I watched the movie “Invincible” with my brother before I took him to hockey last night.I don’t think you should have an emotional recovery time from watching a movie. Each scene I’m dying inside for Mark Wahlberg’s character then, “Okay let’s go”, have to get behind the wheel and drive someone I care about. Some movies should have more value, but you shouldn’t have to take some time for yourself to gather yourself and stop your heart from bleeding.
“Invincible” and other underdog movies affect my perspective; they either put me in great perspective or warp it in a way Hitchcock would have loved.
They make me imagine myself in insurmountable odds, dramas that if it were ever made into a movie would also have people wretching with tears. I picture myself in traumatic events, but overcoming them and becoming stronger. It’s not a complete waste of time: I’m able to envision myself a winner.
I realized I have had some events others have not endured or imagined could happen (because those types of things don’t happen) and come out all right if not better. Part of me doesn’t see them as huge events. Because it happened to me, it’s not a big deal. If the same thing happened to another I might say, “Wow.”
I used to compete horses in dressage. One day in March when I was 17, I was training and the horse spooked.The horse fell over (he was okay), but I was stuck in the stirrup and I was dragged. I woke up not knowing who my parents were or how to walk, talk, or eat on my own. I had a severe concussion. It took 3 months for my brain to de-swell so doctors could take scans. The incredibly abridged version is I taught myself how to walk, talk, and eat again and I was able to go to school in the fall. My schedule was adapted and different from it was supposed to be but not much. I was still in Poms. I graduated on time.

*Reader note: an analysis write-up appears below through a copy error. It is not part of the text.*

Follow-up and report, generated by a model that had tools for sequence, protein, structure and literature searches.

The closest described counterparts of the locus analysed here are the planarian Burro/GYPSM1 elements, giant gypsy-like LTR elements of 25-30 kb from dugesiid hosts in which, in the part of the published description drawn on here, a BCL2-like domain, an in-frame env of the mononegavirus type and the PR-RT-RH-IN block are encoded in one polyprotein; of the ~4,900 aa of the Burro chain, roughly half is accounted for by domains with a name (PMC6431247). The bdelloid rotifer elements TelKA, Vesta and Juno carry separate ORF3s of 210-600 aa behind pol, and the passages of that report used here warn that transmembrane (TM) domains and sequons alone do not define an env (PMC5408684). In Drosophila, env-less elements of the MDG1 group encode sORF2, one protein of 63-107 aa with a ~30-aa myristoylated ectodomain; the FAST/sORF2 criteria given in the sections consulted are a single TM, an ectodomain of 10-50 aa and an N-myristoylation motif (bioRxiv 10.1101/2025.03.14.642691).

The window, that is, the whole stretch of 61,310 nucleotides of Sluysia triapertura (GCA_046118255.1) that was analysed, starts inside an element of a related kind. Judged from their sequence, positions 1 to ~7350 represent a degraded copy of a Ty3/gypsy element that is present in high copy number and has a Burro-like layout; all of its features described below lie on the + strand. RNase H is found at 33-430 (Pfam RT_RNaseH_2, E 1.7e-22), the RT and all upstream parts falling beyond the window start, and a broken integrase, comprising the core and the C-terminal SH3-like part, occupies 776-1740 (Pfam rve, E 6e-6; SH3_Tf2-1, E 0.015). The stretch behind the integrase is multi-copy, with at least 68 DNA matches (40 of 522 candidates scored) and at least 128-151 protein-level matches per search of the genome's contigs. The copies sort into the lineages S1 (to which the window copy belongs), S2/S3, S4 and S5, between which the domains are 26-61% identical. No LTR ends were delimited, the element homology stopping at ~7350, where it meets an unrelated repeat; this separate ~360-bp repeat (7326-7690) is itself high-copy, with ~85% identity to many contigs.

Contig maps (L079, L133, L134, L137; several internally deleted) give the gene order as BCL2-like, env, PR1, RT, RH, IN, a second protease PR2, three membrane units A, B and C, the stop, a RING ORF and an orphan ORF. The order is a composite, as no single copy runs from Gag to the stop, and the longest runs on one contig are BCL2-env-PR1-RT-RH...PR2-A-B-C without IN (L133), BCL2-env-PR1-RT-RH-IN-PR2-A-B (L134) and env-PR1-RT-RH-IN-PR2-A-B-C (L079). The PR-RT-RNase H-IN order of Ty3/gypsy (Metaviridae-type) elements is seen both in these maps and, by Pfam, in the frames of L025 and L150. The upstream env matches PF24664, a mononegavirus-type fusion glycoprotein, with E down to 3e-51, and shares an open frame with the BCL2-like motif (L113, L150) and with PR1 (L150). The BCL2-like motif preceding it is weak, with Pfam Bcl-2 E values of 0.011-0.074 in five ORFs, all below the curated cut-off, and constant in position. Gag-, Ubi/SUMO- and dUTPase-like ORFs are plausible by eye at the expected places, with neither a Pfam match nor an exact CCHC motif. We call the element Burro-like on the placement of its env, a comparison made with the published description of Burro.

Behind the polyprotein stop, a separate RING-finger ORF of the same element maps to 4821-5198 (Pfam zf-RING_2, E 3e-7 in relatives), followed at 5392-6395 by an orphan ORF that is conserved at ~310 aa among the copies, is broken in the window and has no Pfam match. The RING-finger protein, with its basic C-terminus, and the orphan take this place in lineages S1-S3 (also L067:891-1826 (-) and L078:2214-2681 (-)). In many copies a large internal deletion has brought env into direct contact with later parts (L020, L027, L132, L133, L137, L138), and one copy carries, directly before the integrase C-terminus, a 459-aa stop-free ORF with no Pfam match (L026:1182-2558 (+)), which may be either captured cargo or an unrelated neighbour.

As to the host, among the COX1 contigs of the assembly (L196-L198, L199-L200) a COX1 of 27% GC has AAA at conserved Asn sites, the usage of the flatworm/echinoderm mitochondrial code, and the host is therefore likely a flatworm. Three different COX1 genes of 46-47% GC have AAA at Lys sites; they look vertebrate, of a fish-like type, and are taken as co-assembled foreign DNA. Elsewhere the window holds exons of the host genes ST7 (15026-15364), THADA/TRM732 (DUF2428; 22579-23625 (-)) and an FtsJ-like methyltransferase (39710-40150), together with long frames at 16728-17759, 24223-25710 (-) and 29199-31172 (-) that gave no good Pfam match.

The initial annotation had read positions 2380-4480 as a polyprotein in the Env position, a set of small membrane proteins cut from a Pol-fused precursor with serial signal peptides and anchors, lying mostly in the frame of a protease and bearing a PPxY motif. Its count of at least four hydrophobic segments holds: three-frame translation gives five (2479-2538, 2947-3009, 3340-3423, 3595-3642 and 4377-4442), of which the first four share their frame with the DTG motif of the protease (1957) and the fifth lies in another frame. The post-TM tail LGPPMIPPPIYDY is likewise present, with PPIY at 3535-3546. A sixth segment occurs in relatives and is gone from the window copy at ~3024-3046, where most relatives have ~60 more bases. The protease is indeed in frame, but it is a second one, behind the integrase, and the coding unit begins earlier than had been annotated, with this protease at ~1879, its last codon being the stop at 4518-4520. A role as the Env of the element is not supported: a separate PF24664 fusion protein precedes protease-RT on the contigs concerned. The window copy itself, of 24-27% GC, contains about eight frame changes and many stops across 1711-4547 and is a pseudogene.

Also during my senior year while recovering from the initial head injury, I was a passenger in a car accident that loosened my ocular nerves. I now have permanent double vision (which isn’t bad when you’re looking at some things).
I didn’t realize how bad my concussion was until my second year in college. I was in an education class and we were talking about Traumatic Brain Injury (TBI). I had all the qualifications.I’m not TBI because I recovered.
When something happens to you, it’s what you have to do. There is no other option. If you ever want to walk again, you need to do this. If you want to graduate on time, you need to do this.
I don’t know if what I’m saying is commenting on me or our top-this society (what I went through was much worse than you) or a relationship to empathy or sympathy. Watching a movie I can see what they went through and had to overcome. In “Invincible”‘s case, Wahlberg’s character was also something for a town to believe in when they couldn’t believe in anything else. When it’s you, it’s you. It’s what you had to do at the time.
It feels like your trauma has to be outside of you, you against a physical entity or thing other people can see. So you had a head injury…so you met politics in a sport…so you died…you’re obviously alive now so it couldn’t have been that bad.
So what’s the point of this post besides you learning more than you ever wanted to know about me? How your perspective is everything. There are different grades of challenges from minute to colossal and we categorize them differently depending who we are. Someone’s small is someone elses huge and the on looker wonders how they do it? They just do.